ST. LOUIS • U.S. Rep. William Lacy Clay successfully defended a family political legacy on Tuesday. U.S. Rep. Russ Carnahan may have ended one.
Barring an unlikely November surprise, Clay will become St. Louis' sole congressman next year after easily beating Carnahan in Tuesday's hotly contested Democratic primary for the new 1st Congressional District.
"Let me thank St. Louis and this region first for coming together and trusting in my leadership," Clay told an enthusiastic crowd at the St. Louis Gateway Classic Sports Foundation on the near north side, as his father and congressional predecessor, Bill Clay Sr., looked on. Also on hand was Mayor Francis Slay, one of Clay's earliest backers.
Clay later said of the acrimonious race that divided a party: "You know what? It's over. It's water under the bridge."
A short way south, at the Dubliner pub downtown, Carnahan arrived just before 10 p.m. to a roomful of somber supporters, including his mother, former U.S. Sen. Jean Carnahan. He ordered a pint of Guinness before conceding about 10:15 p.m.
"This new First District, it belongs to the people. They deserved a debate," said Carnahan, son of the late Gov. Mel Carnahan. "The people have decided. I respect that decision."
Republican Robyn Hamlin won the GOP nomination to face Clay on Nov. 6, in what will almost certainly be a perfunctory general election. With St. Louis' overwhelmingly Democratic base, Clay's primary win is effectively a return ticket to Washington.
In the neighboring 2nd Congressional District, former Missouri Republican Party Chair Ann Wagner of Ballwin easily beat three challengers to win the GOP nomination, as expected. Harold Whitefield and Glenn Koenen were virtually tied among four candidates for the Democratic nomination in the heavily Republican district.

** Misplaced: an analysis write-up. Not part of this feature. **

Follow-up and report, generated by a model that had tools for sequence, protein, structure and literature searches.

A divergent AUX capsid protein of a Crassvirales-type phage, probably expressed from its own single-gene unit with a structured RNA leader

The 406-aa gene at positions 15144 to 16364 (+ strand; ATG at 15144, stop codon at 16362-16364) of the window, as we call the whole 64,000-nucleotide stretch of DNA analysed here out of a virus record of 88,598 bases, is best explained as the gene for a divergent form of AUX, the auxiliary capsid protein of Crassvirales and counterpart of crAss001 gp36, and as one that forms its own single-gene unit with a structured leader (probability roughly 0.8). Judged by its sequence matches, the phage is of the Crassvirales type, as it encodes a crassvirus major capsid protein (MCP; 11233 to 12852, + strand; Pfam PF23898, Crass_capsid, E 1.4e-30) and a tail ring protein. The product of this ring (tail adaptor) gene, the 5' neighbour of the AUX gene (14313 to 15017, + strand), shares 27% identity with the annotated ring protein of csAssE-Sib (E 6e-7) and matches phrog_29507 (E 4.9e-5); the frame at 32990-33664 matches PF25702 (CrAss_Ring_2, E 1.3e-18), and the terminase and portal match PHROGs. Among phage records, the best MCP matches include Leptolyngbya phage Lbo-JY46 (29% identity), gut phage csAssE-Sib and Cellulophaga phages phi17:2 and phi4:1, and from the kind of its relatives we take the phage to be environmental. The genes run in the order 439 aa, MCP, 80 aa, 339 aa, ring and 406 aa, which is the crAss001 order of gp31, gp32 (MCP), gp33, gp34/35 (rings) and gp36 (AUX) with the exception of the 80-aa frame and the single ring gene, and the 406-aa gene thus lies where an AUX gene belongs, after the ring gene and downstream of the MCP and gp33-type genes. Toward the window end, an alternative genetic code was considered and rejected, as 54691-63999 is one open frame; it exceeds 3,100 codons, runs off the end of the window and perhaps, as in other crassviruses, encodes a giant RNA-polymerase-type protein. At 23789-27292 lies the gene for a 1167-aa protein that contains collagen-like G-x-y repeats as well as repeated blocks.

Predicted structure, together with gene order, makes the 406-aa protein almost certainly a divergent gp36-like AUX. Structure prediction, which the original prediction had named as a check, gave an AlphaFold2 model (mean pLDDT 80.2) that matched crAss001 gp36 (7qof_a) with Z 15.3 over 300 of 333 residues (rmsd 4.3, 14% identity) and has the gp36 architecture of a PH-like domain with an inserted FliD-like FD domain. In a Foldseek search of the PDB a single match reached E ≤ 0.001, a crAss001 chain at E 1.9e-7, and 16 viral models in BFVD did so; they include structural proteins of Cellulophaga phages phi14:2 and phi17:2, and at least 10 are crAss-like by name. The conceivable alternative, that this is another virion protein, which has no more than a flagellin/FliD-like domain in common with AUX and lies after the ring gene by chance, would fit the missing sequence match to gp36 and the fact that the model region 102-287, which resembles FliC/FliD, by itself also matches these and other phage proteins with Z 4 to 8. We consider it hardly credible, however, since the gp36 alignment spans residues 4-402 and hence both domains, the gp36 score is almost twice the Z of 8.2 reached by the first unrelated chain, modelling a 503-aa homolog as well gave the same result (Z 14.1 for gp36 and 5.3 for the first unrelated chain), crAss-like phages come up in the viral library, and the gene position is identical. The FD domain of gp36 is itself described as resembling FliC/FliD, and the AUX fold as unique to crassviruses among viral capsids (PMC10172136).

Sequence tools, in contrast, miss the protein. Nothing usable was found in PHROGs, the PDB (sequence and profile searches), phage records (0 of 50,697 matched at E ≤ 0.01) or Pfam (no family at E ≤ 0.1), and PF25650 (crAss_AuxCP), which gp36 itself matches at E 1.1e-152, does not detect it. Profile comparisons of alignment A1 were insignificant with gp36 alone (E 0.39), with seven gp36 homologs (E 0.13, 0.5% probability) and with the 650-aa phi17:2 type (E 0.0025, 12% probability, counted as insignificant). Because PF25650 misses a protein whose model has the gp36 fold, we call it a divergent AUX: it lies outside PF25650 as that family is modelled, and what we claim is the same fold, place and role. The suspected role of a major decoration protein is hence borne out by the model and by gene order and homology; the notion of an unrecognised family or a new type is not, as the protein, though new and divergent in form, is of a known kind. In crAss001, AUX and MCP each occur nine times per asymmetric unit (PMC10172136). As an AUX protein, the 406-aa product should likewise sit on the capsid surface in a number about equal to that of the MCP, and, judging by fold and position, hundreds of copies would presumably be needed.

The 2nd is Missouri's only open congressional seat this year, with incumbent Republican U.S. Rep. Todd Akin running for the U.S. Senate this year instead of running for re-election.
The 1st District primary ended the showdown between two fellow congressmen who for years have jointly represented St. Louis as liberal Democratic allies. They were forced into battle this year for the city's one remaining congressional seat by a Republican-drawn redistricting map.
The campaign encompassed allegations of treachery with shades of race. Clay is black, and he argued that a loss of his seat would set back African-American progress. Carnahan is white, and he insisted he would nonetheless represent St. Louis' "minority majority" better than Clay.
At stake weren't just the candidates' futures, but their pasts.
Clay's father, Clay Sr., was instrumental in creating a majority-black district in north St. Louis in the late 1960s, which he then held for three decades before his son took it over in 2001.
Carnahan's family roots run throughout Missouri politics: His father was killed in a plane crash in 2000 while campaigning for the U.S. Senate; his mother took that Senate seat; his sister Robin Carnahan was later elected as Missouri secretary of state.
Tuesday's primary loss appears to be the end of the Carnahan political line — though the candidate's mother, Jean, didn't accept that assessment after his concession speech. "This is not a period," the former senator said. "This is a comma."
Despite the insistence of both candidates that race didn't matter, both tipped their hands at various times in the campaign to indicate that it did.
Clay told the Post-Dispatch in July that if he lost, it would be such a blow to the black community that it could hurt U.S. Sen. Claire McCaskill and other white Democrats in November.
"I think there will be dropoff" in black voting in November, Clay said. "For the black community, they would probably go in and vote for Obama and walk out. It would be viewed as setting back the black community, for sure."
Carnahan had countered that Clay's alleged loyalty to the rent-to-own industry hurt minority constituents, who tend to be targeted by so-called predatory lenders.
Race also appeared to be an issue for many voters and supporters of the candidates.
"It shouldn't be, but unfortunately it is because of where the seat is located," said the Rev. E.G. Shields Sr., former president of the St. Louis Metropolitan Clergy Coalition, who attended Clay's election night gathering. Since the district is predominantly African-American, he said, there is a sense of "if we've got it, let's try to keep it."
At Carnahan's election night gathering at the Dubliner, one of the few black participants was Kenneth Jones, a former city alderman. He expressed aggravation at what he said was Clay's exploitation of St. Louis' "historic racial divide." "That's not what we need to move the working class forward," he said.
Jesse Bogan and Doug Moore of the Post-Dispatch contributed to this report.